Devon Men in the Royal Navy
On this website, we can see that a number of the fallen and indeed many of the survivors fought in the Royal Navy and the RNVR, the Royal Navy Volunteer Reserve.
As East Devon is a coastal community, this is, perhaps, not all that surprising.
For many years, the Royal Navy had been the largest and most powerful in the world, and throughout the Great War remained so. Its job was to keep food, munitions and other supplies flowing into Britain and its Empire. To this end, a major role was in anti-submarine warfare, and another was to keep enemy fleets confined to their home waters.
A naval blockade of Germany was set up early in the Great War and continued for a number of months afterwards to encourage Germany to sign peace treaties.
Not all the losses the Royal Navy suffered were due to immediate enemy action: HMS Vanguard, for instance, sank after an explosion on board while she was stationed at Scapa Flow, Britain’s main naval base off the north east coast of Scotland.
Vanguard, a St Vincent class dreadnought battleship, was one of the most modern and powerful craft in the navy, having been launched in 1909. But this did not help as she sank almost instantly after an accidental explosion on the night of July 9, 1917. All but two of the 800-plus men on board died: the incident remains the worst accidental explosion in British history.
Among the victims of the Vanguard explosion was Ordinary Seaman Francis Thomas Veal, from Budleigh Salterton, who was the son of Francis C Veal of the Coastguard Station. Francis the younger is remembered on the Plymouth Naval Memorial.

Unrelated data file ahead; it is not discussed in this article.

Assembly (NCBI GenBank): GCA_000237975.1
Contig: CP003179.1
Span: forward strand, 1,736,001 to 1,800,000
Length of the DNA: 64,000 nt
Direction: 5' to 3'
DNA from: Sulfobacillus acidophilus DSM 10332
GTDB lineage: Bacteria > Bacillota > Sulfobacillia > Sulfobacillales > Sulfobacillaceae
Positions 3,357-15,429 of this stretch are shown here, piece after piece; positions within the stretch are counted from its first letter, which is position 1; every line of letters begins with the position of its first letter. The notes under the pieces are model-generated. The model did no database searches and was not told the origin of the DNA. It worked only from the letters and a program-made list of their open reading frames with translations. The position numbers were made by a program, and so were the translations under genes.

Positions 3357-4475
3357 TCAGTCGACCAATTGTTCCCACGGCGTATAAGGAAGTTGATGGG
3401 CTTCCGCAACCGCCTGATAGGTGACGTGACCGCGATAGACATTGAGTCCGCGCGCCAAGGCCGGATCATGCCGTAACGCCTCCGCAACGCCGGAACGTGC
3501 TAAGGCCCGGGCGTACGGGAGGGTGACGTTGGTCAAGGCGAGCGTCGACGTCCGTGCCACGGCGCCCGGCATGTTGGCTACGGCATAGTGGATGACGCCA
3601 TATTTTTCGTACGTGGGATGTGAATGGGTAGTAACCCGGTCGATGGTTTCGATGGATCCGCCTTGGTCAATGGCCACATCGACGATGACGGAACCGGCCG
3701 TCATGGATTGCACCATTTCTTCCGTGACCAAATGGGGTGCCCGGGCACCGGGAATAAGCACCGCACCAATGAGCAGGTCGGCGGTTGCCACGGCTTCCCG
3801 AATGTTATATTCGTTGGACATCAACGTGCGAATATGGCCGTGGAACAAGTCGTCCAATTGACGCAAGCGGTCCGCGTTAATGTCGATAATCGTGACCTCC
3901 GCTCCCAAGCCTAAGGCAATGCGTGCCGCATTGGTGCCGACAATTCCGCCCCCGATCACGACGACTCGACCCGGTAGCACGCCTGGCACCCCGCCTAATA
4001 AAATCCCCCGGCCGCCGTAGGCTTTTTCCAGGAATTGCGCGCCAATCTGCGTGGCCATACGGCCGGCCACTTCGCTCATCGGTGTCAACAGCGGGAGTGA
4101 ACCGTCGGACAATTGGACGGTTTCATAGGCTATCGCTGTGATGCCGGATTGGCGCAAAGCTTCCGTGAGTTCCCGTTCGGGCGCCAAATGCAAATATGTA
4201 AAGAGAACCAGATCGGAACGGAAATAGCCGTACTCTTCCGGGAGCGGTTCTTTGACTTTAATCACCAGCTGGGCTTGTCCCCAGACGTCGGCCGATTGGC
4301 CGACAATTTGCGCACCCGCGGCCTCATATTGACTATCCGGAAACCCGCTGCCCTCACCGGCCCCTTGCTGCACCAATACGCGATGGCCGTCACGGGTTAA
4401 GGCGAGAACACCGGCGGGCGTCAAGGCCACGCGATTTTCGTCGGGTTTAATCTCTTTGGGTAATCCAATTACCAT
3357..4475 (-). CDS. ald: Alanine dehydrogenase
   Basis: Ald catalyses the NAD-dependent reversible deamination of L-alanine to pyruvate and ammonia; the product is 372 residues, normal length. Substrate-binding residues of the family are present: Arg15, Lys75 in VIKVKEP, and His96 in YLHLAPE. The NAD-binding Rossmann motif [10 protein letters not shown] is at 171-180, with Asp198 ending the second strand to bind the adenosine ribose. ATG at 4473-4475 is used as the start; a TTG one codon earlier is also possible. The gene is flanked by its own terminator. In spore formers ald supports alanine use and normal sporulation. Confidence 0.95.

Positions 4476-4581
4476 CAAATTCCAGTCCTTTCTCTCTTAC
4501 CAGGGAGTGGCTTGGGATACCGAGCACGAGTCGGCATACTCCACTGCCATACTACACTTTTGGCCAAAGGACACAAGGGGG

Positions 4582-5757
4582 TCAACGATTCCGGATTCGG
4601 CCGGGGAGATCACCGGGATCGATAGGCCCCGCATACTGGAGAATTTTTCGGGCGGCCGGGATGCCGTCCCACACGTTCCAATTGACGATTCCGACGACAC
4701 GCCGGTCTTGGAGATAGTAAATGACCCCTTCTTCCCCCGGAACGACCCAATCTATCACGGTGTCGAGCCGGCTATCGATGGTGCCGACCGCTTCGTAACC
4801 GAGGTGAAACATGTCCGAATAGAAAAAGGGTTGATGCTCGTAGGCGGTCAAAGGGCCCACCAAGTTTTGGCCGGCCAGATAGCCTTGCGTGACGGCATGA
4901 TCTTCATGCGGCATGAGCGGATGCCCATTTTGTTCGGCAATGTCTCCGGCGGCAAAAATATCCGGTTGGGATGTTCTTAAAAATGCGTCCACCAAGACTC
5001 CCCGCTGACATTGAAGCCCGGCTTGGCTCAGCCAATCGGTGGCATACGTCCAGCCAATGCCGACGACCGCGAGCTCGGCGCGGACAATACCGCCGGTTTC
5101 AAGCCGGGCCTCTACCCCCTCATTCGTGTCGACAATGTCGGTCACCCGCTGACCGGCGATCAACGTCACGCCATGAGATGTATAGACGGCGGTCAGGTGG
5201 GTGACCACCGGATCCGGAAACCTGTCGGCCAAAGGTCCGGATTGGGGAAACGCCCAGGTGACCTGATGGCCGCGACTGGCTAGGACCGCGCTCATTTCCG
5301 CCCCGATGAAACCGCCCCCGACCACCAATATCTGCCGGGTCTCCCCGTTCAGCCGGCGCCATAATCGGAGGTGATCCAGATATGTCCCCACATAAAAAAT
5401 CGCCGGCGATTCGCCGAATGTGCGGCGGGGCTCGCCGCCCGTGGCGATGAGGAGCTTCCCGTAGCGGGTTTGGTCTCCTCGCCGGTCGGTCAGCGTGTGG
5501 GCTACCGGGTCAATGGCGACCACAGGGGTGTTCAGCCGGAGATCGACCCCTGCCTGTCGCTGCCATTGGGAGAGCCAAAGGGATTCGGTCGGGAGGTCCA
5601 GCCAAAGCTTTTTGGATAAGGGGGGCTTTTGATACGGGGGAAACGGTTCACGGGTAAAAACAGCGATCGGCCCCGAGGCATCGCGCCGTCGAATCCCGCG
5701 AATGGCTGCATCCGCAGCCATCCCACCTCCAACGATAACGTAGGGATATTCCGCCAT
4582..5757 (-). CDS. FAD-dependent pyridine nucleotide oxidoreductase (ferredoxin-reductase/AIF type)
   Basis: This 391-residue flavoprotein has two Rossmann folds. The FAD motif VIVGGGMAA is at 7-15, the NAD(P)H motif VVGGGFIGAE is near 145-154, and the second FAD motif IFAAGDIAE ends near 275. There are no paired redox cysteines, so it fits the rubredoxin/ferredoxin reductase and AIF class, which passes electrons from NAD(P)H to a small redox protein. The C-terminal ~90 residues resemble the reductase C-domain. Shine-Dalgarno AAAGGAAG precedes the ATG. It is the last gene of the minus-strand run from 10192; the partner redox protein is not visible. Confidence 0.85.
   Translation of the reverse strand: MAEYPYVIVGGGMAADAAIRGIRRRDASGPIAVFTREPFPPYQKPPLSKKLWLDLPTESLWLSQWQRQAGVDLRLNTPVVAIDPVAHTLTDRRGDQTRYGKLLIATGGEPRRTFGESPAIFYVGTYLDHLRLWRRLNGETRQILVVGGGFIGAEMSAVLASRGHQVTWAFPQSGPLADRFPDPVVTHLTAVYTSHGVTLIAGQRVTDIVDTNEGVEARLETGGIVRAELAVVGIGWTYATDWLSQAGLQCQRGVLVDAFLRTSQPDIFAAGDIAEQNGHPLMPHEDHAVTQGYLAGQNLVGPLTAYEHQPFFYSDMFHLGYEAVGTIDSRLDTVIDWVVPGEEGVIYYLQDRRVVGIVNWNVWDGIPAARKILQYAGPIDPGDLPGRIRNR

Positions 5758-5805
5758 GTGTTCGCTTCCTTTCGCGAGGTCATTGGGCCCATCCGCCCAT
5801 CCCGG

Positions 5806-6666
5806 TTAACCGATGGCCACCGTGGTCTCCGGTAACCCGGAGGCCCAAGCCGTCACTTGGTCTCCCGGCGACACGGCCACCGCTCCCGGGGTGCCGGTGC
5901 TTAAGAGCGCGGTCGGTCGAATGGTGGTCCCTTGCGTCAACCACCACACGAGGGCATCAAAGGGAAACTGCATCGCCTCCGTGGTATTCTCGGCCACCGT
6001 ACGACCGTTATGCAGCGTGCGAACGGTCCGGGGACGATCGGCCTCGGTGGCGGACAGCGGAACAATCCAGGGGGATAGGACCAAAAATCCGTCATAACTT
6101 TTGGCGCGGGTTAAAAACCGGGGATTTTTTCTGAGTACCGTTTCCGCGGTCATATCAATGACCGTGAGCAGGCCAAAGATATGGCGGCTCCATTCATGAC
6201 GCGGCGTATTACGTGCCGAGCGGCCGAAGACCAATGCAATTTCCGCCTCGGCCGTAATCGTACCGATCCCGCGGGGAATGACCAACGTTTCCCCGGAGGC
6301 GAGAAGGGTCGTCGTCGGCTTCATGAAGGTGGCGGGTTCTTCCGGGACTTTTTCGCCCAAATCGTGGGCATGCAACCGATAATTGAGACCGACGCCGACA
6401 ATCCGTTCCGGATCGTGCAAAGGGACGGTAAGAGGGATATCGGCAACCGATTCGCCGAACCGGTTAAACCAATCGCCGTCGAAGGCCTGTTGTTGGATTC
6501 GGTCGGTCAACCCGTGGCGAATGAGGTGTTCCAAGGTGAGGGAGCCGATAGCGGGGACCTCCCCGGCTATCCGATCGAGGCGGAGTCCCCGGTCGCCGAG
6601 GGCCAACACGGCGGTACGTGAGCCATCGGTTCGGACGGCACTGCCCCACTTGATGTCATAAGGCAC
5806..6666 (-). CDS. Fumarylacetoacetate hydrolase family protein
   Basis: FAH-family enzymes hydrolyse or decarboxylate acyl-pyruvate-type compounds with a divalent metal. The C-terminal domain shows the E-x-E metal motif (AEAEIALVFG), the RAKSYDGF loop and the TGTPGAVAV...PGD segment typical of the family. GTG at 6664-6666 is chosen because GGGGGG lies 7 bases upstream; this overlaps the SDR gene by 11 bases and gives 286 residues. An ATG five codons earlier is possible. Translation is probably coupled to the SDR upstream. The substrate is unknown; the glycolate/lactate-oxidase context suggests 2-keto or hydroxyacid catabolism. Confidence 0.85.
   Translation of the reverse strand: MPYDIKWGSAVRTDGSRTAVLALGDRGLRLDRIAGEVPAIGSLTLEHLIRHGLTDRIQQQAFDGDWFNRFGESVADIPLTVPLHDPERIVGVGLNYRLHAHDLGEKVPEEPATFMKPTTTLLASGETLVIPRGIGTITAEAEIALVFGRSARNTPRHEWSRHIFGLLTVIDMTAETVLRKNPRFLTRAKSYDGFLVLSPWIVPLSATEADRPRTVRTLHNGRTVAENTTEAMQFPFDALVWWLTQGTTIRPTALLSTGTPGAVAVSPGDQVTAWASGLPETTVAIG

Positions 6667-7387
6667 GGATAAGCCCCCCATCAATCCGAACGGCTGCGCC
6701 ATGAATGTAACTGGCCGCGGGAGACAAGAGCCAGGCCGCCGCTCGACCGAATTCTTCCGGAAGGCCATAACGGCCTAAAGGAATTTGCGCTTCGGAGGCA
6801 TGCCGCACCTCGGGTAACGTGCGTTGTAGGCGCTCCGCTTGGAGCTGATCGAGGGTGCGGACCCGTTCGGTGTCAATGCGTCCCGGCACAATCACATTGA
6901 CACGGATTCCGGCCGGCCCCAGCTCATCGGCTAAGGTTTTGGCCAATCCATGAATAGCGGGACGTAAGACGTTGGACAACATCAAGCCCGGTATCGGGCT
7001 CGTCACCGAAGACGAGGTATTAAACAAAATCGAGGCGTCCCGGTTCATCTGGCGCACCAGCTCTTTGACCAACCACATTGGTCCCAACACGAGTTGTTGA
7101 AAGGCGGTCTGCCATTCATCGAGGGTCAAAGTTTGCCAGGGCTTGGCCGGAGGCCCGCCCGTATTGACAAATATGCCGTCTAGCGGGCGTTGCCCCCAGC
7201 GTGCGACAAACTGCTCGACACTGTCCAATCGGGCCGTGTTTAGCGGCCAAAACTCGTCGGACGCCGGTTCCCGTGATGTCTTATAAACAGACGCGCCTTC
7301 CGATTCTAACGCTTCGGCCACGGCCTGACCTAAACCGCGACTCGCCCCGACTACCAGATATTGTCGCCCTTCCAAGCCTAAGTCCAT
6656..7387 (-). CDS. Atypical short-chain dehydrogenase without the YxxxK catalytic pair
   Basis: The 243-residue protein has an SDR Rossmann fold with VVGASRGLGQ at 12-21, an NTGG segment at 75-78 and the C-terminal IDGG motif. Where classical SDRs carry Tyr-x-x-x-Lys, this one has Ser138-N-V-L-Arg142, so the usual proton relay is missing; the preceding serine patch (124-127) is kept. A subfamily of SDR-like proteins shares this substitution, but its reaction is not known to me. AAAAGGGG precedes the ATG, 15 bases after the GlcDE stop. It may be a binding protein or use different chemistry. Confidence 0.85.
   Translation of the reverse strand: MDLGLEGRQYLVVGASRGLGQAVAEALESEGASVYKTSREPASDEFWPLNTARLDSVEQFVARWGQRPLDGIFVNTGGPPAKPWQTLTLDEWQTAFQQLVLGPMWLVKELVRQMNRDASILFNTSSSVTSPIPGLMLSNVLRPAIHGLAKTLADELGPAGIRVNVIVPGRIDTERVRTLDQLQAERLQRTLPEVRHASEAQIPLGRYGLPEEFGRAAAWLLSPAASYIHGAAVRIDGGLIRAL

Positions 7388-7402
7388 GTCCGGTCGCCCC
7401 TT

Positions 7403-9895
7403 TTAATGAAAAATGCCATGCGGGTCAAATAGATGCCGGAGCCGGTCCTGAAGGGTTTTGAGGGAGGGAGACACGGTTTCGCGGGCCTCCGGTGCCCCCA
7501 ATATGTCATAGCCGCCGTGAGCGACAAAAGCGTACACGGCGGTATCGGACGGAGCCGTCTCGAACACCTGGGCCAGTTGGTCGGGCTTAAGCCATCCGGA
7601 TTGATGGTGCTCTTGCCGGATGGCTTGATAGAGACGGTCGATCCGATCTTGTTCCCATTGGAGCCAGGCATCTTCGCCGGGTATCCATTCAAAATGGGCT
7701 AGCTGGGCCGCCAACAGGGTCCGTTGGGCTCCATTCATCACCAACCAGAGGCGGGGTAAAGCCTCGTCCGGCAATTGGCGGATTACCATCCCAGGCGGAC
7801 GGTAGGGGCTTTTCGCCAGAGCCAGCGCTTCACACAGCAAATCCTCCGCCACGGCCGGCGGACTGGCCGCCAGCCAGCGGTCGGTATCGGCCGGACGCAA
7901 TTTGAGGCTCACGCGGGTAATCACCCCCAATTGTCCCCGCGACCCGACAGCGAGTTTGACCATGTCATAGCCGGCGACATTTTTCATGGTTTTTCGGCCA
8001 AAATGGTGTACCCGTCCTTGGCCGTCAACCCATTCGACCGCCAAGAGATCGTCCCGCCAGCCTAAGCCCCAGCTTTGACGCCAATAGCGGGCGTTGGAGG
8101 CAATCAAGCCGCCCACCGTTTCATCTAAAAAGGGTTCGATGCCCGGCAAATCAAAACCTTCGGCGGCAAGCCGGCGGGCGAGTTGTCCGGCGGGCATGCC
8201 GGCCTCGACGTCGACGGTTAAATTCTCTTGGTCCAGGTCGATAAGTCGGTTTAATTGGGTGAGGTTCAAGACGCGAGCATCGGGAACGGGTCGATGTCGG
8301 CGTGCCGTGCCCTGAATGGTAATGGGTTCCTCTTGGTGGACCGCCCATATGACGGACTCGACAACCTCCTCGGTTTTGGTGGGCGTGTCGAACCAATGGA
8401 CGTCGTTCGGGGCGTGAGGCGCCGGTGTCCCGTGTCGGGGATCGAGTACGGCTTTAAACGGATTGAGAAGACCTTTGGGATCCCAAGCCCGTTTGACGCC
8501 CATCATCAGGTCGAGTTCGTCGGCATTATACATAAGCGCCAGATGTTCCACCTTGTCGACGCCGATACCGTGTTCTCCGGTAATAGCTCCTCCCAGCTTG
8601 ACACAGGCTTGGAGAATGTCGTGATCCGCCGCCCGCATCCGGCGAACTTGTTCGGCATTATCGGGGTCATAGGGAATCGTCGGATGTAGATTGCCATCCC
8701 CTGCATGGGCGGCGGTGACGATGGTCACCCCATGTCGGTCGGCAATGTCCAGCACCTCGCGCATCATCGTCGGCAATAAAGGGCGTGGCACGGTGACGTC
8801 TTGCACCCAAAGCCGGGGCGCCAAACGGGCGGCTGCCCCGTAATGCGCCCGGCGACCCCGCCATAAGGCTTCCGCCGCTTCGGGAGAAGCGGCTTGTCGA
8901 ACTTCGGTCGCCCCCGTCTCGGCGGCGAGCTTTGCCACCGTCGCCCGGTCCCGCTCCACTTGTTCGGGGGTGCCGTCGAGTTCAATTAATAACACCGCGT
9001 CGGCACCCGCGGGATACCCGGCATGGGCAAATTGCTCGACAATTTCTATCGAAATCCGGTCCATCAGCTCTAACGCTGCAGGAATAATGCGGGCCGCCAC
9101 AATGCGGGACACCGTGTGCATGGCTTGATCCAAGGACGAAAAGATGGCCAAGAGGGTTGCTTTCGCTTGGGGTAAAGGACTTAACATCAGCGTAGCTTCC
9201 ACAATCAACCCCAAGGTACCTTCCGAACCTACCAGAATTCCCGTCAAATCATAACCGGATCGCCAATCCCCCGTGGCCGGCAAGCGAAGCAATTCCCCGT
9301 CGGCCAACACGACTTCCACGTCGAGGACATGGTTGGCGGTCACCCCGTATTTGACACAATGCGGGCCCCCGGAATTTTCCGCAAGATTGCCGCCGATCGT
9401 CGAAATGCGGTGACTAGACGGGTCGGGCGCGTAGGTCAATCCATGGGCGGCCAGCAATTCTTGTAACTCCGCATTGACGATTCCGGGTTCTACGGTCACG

But the threat of German submarines was ever-present: one of their victims was Wallace Harding, a Petty Officer from Otterton.
He was one of the men serving on HMS Bergamot, a convoy protection vessel launched on May 5, 1917, and commissioned just a month later.
However, she was destined not to survive, as she was sunk on August 13 by a single torpedo launched by the German submarine U-84 west of Killybegs in the north of Ireland. She went down within four minutes of the attack. Fortunately, a large number of her 80-plus crew survived, although sadly PO Harding was not among them.
The British too, had their submarines, among them the E-class vessels which were the mainstay of the Royal Navy’s underwater operations throughout the Great War. Petty Officer Telegraphist Robert Larcombe from Otterton served on E-30, which sank with no survivors from a crew of 30 on December 22, 1916, after hitting a mine in the North Sea. Robert died earlier than his shipmates, on April 7 of that year, when one of the craft's batteries exploded.
Pictured above is HMS Vanguard (© IWM (Q 74890))